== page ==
Bringing Garden Design Indoors

Peace lilyTo make winter pass more quickly, many gardeners tend a few houseplants. You can make a dynamic indoor display by choosing and placing your houseplants with the same eye you use for your outdoor garden design. Try to match up plants’ needs—don’t pair a shade lover with a full-sun plant just because they look good together—but keep in mind that indoor plants are much easier to rearrange than those in the garden, if something isn’t faring well.

Use color echoes for a serene look. Choose plants with similar color details and place them in combination with each other. For instance, choose an ivy with white-and-green variegated leaves and a white-flowered peace lily.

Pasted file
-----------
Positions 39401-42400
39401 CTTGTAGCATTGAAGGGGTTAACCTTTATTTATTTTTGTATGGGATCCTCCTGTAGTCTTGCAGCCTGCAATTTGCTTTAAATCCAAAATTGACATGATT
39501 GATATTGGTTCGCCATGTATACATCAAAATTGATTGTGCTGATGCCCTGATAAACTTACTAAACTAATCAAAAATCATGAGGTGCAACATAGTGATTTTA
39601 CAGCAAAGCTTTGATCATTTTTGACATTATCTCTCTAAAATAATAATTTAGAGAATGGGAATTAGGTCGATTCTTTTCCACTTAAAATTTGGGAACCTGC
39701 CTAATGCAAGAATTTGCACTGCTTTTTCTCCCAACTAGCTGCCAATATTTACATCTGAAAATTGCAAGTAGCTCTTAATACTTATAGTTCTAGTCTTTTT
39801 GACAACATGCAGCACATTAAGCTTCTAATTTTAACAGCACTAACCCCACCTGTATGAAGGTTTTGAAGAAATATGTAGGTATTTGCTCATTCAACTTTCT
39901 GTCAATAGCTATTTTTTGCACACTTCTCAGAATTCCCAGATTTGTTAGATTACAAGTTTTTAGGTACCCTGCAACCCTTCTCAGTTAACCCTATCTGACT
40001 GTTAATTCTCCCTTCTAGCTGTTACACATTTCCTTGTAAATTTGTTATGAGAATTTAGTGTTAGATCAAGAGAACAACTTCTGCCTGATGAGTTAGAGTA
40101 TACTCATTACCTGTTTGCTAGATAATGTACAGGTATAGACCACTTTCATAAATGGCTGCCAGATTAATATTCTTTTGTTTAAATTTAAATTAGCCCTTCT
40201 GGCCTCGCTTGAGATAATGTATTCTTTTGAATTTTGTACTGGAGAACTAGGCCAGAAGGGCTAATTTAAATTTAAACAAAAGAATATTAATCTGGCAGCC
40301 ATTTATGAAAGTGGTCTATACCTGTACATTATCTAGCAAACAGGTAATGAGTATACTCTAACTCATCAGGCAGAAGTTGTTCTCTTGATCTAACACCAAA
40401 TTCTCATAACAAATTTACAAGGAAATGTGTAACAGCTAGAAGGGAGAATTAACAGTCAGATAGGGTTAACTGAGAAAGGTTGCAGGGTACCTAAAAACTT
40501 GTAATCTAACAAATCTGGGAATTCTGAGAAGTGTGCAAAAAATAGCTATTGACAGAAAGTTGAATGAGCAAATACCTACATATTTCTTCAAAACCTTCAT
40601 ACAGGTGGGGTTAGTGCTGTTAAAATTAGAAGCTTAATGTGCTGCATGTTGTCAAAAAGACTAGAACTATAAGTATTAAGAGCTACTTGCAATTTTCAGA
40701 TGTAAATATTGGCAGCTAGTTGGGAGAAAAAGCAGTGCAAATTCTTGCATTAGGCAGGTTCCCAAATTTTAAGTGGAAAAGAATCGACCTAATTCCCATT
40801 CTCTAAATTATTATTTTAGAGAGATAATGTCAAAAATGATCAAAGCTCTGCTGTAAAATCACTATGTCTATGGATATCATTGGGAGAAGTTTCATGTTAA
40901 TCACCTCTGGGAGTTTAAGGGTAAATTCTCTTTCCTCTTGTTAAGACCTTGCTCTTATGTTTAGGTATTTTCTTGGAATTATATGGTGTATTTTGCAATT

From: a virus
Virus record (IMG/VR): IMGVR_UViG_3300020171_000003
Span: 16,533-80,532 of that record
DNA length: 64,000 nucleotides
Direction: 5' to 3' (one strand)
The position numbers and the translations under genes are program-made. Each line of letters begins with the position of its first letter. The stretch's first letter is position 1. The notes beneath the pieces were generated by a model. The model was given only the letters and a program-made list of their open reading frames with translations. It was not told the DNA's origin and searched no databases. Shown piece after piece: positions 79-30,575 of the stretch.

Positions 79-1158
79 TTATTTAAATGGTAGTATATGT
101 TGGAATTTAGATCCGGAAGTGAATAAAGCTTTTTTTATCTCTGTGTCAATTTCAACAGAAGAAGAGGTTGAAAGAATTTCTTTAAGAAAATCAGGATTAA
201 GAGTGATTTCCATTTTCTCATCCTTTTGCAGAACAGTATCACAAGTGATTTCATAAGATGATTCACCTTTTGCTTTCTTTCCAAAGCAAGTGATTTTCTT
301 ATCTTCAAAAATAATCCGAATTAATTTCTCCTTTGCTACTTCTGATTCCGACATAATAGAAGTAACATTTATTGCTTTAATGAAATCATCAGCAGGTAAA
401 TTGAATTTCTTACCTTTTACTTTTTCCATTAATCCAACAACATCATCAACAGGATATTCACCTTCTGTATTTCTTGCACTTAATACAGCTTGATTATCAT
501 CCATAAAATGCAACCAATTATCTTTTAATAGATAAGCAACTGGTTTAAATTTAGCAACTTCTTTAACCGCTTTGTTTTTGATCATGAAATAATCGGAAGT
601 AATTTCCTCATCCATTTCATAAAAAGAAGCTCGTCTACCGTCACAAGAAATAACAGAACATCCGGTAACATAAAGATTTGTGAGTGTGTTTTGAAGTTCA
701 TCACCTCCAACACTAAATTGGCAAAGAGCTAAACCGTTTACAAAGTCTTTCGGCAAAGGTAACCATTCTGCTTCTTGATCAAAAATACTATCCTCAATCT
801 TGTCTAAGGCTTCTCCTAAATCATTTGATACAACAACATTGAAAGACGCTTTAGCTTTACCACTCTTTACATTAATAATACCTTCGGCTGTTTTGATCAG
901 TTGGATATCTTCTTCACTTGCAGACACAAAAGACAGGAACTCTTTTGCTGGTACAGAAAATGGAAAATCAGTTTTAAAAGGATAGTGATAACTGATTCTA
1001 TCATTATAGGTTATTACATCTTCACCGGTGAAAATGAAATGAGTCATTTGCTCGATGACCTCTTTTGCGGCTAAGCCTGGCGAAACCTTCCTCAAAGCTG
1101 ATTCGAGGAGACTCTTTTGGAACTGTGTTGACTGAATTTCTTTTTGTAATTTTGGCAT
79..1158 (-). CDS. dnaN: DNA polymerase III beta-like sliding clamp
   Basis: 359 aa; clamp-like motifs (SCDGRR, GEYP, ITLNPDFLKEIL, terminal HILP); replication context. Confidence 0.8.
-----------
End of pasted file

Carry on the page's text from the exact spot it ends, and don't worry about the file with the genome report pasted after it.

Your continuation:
Use contrasting colors for a bold look. Plants with contrasting colors will make your home feel bright and lively through the winter. For example, pair a purple-flowered African violet with a yellow-or orange-striped croton.

Stage plants for depth of interest. Instead of lining plants up on the windowsill, use tables, plant stands and ladders to vary their height. Use pots of different widths and depths to your advantage here, too.

Mix up forms. Choose upright plants, trailing plants and mounding plants for a dynamic display.

Make a focal point. Choose one large or architectural plant, such as a large ficus or a spiky agave, to stand alone as a strong statement.

Image attribution
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Learn all about growing plants indoors with The Houseplant Encyclopedia.

Keep favorite, classic houseplants healthy with Complete Houseplants: Featuring Over 240 Easy-Care Favorites.

Brush up on design basics with Designing Your Gardens and Landscapes: 12 Simple Steps for Successful Planning by Janet Macunovich.

Browse all books and gardening gifts at GardenersHub.com.

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